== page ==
Tankers get stuck in Black sea amid oil embargo, price cap

On Monday, the number of tankers waiting to pass through the Strait on the way to the Mediterranean fell to 13 on Monday from 17 a day earlier, according to Tribeca Shipping Agency


Issac John

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Oil tankers wait at anchorage in the Black Sea off Kilyos near Istanbul. — Reuters
Oil tankers wait at anchorage in the Black Sea off Kilyos near Istanbul. — Reuters

Published: Sun 11 Dec 2022, 4:08 PM

Last updated: Mon 12 Dec 2022, 5:33 PM

The European Union embargo on Russia’s oil and an international cap on the price of its crude have disrupted the maritime transport sector, creating a bottleneck in Istanbul’s Bosphorus Strait.

A Turkish measure that requires vessels to provide proof of insurance covering the duration of their transit through the Bosphorus Strait has caused shipping delays.

As of Friday, 20 oil tankers travelling south from the Black Sea were waiting to cross the strait into the Sea of Marmara, according to a report from Istanbul-based Tribeca Shipping Agency.

On Monday, the number of tankers waiting to pass through the Strait on the way to the Mediterranean fell to 13 on Monday from 17 a day earlier, the agency said, showing an easing of the recent build-up in traffic. Turkey’s maritime authority said on Sunday that four tankers, carrying some 475,000 tonnes of oil, had provided the necessary insurance letters according to regulations and would cross the Istanbul Strait on December 12.

Shipping industry sources said more tankers are waiting to cross southbound from the Sea of Marmara through the Dardanelles strait into the Mediterranean.

The EU enforced an embargo last week on Russian crude shipments in retaliation for Moscow’s invasion of Ukraine. The week also saw the start of a $60 cap on a barrel of Russian crude, agreed by Western nations. The cap bars ship owners carrying Russian oil from accessing insurance and other services from European providers unless the oil is sold for $60 a barrel or less.

In light of the cap, Turkish maritime authorities are concerned about the risk of accidents or oil spills involving uninsured vessels, and are preventing ships from passing through Turkish waters unless they can provide additional guarantees that their transit is covered. This is slowing oil tankers passage through the Bosphorus and Dardanelles straits and onto international markets, according to oil market analysts.

They warned that a sustained hold-up could become a problem for the oil market if left unresolved although currently it is not causing any major disruption to global oil supply and thus prices.

Jorge Leon, senior vice-president for oil market analysis at Rystad Energy said this is a very popular route around the world for global trade and specifically for crude.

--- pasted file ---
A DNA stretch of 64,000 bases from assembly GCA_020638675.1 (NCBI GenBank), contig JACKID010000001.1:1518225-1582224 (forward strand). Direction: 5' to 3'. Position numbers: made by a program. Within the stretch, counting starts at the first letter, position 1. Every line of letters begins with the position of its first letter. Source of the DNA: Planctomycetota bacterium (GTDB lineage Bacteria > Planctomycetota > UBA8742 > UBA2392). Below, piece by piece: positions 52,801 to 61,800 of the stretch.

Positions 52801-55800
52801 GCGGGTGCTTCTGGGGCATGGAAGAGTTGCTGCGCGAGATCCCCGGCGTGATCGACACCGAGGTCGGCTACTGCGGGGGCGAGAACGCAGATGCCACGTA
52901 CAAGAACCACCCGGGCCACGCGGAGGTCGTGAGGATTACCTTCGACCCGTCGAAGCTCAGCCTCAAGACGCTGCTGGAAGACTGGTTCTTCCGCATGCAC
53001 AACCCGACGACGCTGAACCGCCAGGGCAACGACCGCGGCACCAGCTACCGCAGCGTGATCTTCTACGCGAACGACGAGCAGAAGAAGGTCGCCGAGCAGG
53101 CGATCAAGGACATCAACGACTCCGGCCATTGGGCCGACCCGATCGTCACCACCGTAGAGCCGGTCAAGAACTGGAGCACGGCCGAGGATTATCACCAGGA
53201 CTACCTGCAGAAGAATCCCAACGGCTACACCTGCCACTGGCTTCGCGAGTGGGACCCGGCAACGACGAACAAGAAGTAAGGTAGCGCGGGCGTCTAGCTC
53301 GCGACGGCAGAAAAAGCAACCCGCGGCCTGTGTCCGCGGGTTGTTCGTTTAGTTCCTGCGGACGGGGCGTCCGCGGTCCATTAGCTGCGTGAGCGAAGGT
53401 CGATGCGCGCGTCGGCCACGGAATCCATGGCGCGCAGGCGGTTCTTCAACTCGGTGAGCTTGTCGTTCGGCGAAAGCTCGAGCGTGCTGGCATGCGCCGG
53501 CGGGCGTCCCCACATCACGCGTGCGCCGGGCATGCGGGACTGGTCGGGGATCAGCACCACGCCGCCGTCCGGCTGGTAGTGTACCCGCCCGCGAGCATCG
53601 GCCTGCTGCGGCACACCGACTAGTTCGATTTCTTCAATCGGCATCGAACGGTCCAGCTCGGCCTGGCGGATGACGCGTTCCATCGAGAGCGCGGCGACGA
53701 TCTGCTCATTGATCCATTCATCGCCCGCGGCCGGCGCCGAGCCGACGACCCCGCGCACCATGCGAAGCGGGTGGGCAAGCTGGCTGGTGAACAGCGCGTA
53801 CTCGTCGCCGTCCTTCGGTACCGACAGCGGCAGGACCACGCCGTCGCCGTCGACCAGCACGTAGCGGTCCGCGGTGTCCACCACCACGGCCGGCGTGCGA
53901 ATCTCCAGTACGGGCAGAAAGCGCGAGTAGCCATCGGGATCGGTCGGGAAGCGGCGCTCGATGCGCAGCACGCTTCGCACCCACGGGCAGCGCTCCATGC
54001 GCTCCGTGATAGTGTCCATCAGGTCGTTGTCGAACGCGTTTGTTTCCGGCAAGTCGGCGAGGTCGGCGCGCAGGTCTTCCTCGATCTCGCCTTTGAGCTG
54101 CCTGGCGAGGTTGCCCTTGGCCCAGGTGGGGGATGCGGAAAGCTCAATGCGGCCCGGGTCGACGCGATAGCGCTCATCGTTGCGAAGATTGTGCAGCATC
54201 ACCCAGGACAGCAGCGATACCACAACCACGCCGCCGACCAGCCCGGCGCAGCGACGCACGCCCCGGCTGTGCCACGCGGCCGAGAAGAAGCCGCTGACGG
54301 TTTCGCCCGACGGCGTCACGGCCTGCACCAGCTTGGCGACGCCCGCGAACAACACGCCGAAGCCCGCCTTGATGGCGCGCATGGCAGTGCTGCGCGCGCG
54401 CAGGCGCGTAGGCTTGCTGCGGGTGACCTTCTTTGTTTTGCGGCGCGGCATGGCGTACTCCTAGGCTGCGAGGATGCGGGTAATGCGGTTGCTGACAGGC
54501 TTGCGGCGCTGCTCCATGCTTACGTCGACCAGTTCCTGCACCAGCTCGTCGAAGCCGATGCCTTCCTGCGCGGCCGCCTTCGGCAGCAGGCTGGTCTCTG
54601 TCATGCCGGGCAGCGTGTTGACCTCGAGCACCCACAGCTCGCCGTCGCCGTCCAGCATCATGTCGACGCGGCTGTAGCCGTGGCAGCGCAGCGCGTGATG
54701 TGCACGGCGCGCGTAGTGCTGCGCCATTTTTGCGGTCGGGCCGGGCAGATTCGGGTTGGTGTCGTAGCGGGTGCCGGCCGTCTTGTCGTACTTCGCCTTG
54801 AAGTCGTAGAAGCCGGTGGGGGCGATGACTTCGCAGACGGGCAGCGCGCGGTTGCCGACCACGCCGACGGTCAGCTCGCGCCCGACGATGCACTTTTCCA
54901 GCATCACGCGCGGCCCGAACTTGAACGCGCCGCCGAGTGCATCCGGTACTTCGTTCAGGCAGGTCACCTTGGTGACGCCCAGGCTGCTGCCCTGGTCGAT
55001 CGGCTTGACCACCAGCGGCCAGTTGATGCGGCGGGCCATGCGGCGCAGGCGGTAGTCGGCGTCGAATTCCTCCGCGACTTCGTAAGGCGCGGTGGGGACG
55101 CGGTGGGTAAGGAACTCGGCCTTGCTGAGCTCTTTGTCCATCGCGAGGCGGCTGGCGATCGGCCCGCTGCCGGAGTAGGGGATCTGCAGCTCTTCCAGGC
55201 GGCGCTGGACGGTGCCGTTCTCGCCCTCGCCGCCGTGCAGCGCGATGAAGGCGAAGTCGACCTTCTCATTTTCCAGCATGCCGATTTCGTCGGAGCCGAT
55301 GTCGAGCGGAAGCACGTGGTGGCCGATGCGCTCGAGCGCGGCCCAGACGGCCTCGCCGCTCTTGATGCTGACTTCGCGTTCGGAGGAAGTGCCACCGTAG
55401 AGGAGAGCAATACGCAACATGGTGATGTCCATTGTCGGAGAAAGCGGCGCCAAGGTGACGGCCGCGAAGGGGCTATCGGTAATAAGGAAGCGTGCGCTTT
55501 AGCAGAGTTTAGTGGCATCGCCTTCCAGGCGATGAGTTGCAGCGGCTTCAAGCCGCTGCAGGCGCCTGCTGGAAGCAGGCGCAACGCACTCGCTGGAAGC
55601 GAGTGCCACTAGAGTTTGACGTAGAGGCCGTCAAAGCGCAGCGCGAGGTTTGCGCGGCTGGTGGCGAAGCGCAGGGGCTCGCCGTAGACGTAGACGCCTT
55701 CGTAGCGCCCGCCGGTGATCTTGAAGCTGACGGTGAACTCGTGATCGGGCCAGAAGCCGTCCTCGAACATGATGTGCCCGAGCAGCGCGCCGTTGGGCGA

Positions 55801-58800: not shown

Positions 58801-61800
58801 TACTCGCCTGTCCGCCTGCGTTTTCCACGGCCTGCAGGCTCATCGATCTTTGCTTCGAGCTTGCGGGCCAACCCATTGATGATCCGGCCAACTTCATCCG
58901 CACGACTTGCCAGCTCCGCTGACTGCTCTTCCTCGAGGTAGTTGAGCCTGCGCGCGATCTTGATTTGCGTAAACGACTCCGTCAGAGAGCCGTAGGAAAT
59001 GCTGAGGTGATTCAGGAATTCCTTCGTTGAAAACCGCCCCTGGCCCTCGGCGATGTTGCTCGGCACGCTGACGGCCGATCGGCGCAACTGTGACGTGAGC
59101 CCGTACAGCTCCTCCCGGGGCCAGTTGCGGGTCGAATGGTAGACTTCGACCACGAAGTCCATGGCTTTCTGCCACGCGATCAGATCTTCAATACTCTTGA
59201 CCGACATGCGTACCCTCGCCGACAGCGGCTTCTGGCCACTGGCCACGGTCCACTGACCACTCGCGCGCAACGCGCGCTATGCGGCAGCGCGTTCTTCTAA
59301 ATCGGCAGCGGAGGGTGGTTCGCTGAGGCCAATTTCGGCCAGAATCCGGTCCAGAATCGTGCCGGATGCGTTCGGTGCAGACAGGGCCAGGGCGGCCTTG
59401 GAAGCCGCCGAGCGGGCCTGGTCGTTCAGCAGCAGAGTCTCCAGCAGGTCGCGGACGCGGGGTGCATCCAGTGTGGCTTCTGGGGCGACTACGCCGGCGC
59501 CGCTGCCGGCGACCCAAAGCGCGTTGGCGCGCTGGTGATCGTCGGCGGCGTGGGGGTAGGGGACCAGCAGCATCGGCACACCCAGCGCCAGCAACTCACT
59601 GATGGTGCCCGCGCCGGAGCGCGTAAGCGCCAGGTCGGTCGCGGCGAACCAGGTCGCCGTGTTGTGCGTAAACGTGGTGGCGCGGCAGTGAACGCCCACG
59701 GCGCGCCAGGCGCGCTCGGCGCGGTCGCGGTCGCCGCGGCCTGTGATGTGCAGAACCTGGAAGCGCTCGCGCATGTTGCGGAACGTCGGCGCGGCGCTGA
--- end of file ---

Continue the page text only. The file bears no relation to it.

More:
Countries including Russia, Kazakhstan and Azerbaijan use the Turkish straits to get their oil to world oil markets.

According to market sources, Russia has assembled a “shadow fleet” of more than 100 vessels seeking to circumnavigate the Western sanctions regime. These ships are reportedly using non-Western insurers and selling oil at higher prices to countries that have not subscribed to the new sanctions.

Russian President Vladimir Putin on Friday warned that Russia could reduce crude production in response to the price limit.

“Moscow is already working on circumventing the ban on insurance by providing its own insurance to potential clients through its state-controlled Russian National Reinsurance Company,” noted Edoardo Campanella, analyst at UniCredit Bank.

Russia, meanwhile, has welcomed India's decision to not support the price cap on Russian oil announced by the G7 countries and their allies. Russian Deputy Prime Minister Alexander Novak made the statement during his meeting with India's Ambassador to Russia, Pavan Kapoor.

A new survey from Argus showed on Friday that Opec+ production fell to 38.29 million bpd last month—1.81 million barrels per day short of its reduced quota.

The 19 Opec+ members subject to the quota produced 310,000bpd fewer barrels in November when compared to the month prior. But that’s still 1.81 million barrels per day short of its quota for November. November’s quota was a reduction of two million barrels per day off October levels, although it was understood at the time that the group might not be able to reach even that reduced target.

The biggest laggards among the broader Opec+ group now, according to Argus, are Russia, producing 670,000bpd under target; Nigeria, producing 530,000bpd under target, Angola, producing 350,000bpd under target, and Malaysia, producing 170,000 under target.

— issacjohn@khaleejtimes.com

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